344 Days Underground: ‘Who would ever believe we lived in a cave?’

344 Days Underground: ‘Who would ever believe we lived in a cave?’

Francine Wolfisz speaks to Valeriy Gritsiv, grandson of Etcia Goldberg, who hid from the Nazis with 37 other Jews in an underground cave

Francine Wolfisz is the Features Editor for Jewish News.

Etcia Goldberg pictured with her grandson Valeriy Gritsiv as a young boy
Etcia Goldberg pictured with her grandson Valeriy Gritsiv as a young boy

Glimpsing daylight for the first time in nearly a year, little Mania Goldberg desperately covered her eyes with her hands, while her 75-year-old grandmother, overwhelmed by the bright sun, simply fainted to the ground.

For 344 days, they had survived Nazi persecution by living in total darkness inside a remote cave in western Ukraine known as Popowa Yama, The Priest’s Grotto, alongside 36 other Jews.

Remarkably, Mania’s widowed mother, Etcia, was the only woman to risk her life by leaving the cave each day alongside the men to hunt for supplies.

Now Etcia’s incredible bravery has been brought to light for the first time in 344 Days Underground, a novel written by her grandson, Valeriy Gritsiv, based on her recollections.

The story of Popowa Yama only surfaced in 1993 after Christos Nicola, a young speleologist from New York, came across a gypsum cave near the village of Stilkivtcy and found evidence that people had once lived there.

After researching Popowa Yama for more than ten years, he traced one of the few remaining survivors, resulting in a National Geographic article, a book and documentary about their experiences.

However, the story of what had happened to Etcia was not included and Gritsiv resolved that her role in this remarkable tale of survival was never forgotten.

Gritsiv, who lives near Atlanta, Georgia with his daughter, Elina, fondly recalls his grandmother as “the most amazing woman I ever met.”

Speaking with a discernible Ukrainian accent, he explains: “The story was told in my house many, many times, especially in my childhood. But there was never a discussion outside the family, because they thought who would ever believe they had lived in a cave for a year?

“Etcia was very brave, a fighter actually, and someone unafraid to take risks.”

Etcia Goldberg, second from right, with her children Mania, Dunia and Marek, in 1949

She had assumed her position as head of the family when her husband, Chaim, tragically died from leukaemia just two weeks before the outbreak of the Second World War.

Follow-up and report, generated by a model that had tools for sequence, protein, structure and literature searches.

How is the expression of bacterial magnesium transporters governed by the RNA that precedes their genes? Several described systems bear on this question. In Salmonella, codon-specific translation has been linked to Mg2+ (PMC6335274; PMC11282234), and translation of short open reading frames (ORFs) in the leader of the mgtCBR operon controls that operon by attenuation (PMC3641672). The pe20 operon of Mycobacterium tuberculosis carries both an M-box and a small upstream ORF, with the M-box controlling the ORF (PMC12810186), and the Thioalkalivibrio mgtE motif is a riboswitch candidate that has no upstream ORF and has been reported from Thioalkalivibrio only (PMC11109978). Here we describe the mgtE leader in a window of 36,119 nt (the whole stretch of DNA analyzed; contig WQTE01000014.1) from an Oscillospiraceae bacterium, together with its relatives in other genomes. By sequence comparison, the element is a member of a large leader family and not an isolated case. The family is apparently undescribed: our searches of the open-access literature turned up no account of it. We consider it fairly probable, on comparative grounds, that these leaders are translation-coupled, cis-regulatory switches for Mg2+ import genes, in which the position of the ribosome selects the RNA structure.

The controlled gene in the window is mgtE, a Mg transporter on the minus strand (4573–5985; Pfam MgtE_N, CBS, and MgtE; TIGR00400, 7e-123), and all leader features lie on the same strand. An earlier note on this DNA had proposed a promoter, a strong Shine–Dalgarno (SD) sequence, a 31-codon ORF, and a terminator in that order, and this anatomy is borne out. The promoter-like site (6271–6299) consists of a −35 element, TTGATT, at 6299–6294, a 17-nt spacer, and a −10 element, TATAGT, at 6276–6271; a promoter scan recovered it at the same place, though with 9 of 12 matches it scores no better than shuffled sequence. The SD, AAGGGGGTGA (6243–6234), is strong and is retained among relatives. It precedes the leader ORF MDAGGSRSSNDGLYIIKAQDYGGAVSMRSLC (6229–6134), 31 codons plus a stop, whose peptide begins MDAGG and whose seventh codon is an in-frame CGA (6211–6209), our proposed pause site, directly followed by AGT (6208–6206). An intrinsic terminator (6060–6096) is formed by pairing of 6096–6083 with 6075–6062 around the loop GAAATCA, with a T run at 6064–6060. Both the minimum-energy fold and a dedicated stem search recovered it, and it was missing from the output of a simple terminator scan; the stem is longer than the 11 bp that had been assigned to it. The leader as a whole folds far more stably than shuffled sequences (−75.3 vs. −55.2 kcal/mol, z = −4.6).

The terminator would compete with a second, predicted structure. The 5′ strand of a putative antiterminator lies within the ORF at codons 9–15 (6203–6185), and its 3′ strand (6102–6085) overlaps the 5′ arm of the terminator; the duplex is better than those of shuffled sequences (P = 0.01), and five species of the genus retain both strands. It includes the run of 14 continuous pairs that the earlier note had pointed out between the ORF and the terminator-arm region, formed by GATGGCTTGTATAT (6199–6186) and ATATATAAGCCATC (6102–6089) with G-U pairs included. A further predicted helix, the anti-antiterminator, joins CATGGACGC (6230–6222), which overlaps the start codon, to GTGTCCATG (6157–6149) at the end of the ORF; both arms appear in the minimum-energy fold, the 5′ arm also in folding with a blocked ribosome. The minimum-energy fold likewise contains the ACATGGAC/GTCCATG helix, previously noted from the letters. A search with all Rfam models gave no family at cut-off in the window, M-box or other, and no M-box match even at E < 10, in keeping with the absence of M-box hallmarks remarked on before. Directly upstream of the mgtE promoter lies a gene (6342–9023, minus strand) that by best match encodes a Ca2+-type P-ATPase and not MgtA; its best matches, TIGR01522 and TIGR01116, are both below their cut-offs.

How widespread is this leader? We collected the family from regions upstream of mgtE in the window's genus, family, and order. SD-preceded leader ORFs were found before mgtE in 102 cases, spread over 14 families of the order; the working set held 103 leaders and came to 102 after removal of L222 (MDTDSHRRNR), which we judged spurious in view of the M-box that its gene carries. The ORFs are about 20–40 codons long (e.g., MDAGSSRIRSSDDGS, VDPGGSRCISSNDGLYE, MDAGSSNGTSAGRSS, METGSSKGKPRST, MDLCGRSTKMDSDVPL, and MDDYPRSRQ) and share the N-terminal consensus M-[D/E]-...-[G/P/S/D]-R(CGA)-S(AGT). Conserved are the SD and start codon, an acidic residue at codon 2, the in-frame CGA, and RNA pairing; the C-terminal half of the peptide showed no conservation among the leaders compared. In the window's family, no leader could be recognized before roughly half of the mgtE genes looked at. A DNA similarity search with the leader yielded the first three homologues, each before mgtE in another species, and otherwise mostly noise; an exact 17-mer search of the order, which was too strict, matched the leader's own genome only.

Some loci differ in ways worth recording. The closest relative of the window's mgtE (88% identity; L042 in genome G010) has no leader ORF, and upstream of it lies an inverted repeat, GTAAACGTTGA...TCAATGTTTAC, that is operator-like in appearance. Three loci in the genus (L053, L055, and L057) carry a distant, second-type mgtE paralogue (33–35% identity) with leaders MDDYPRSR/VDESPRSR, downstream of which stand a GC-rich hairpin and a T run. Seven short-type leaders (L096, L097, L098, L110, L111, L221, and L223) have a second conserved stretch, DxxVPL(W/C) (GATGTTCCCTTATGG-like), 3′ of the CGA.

As a young widow, she had to keep running the family store, as well as look after her children, Marek, three, Dunia, eight and Mania (Gritsiv’s mother), 11.

But in the face of Nazi persecution, including mass shootings of Jews close to where they lived, Etcia realised she was running out of time to save herself and her family.

On May 5, 1943, she took her children and mother down into the Priest’s Grotto, carrying blankets, candles and straws, joining the small group of Jewish families also hiding there.

The vast cave was pitch black, freezing cold and inhabited by bats. Only the men – and Etcia, who was widowed – were allowed out of the cave to scavenge or buy food and medicine. Dressed in men’s clothing, Etcia risked her life every day under the cover of darkness.

“For her it was terrifying to have to go underground and into the darkness. But on the other hand, they had nowhere else to go and it was their only choice.

“The moment she had to leave the cave to get supplies was frightening for her and the children. It was always dangerous and if she didn’t come back, no-one knew what would become of her children.”

Someone with a weapon guarded the entrance to the cave at all times, and the inhabitants were so cold in the cave that they spent most of their time lying in their wooden beds. They only lit candles while preparing scant supplies of food available to them. But they were grateful to be alive.

On 11 April, 1944, a local farmer dropped a message in a bottle saying the Germans had gone and they emerged from the cave a day later.

As they settled back into their lives, Gritsiv reveals his mother continued to be affected by her experience long after the war had ended.

“She had nightmares because of the darkness,” he says. “For her it was much worse than being in any prison. I couldn’t imagine spending even two or three days in the cave, constantly without light. It’s unimaginable for me.”

Etcia died in 1979, surrounded by her family. Gritsiv later moved to the United States, where he founded the Elina International Adoption Agency, to help Americans adopt children from the former Soviet Union.

Valeriy Gritsiv, who today lives in the USA, with his daughter, Elina

Looking back over her story, Gritsiv says he feels inspired by the strength shown by his grandmother.

“There were many times in my life that I felt I was having a hard time,” he reveals. “But I always try to tell myself that my grandmother survived in such incredible circumstances. She was so strong and so whatever hardships I face, I also need to be strong.”

344 Days Underground by Valeriy Gritsiv is priced £12.29 (paperback) and available now.

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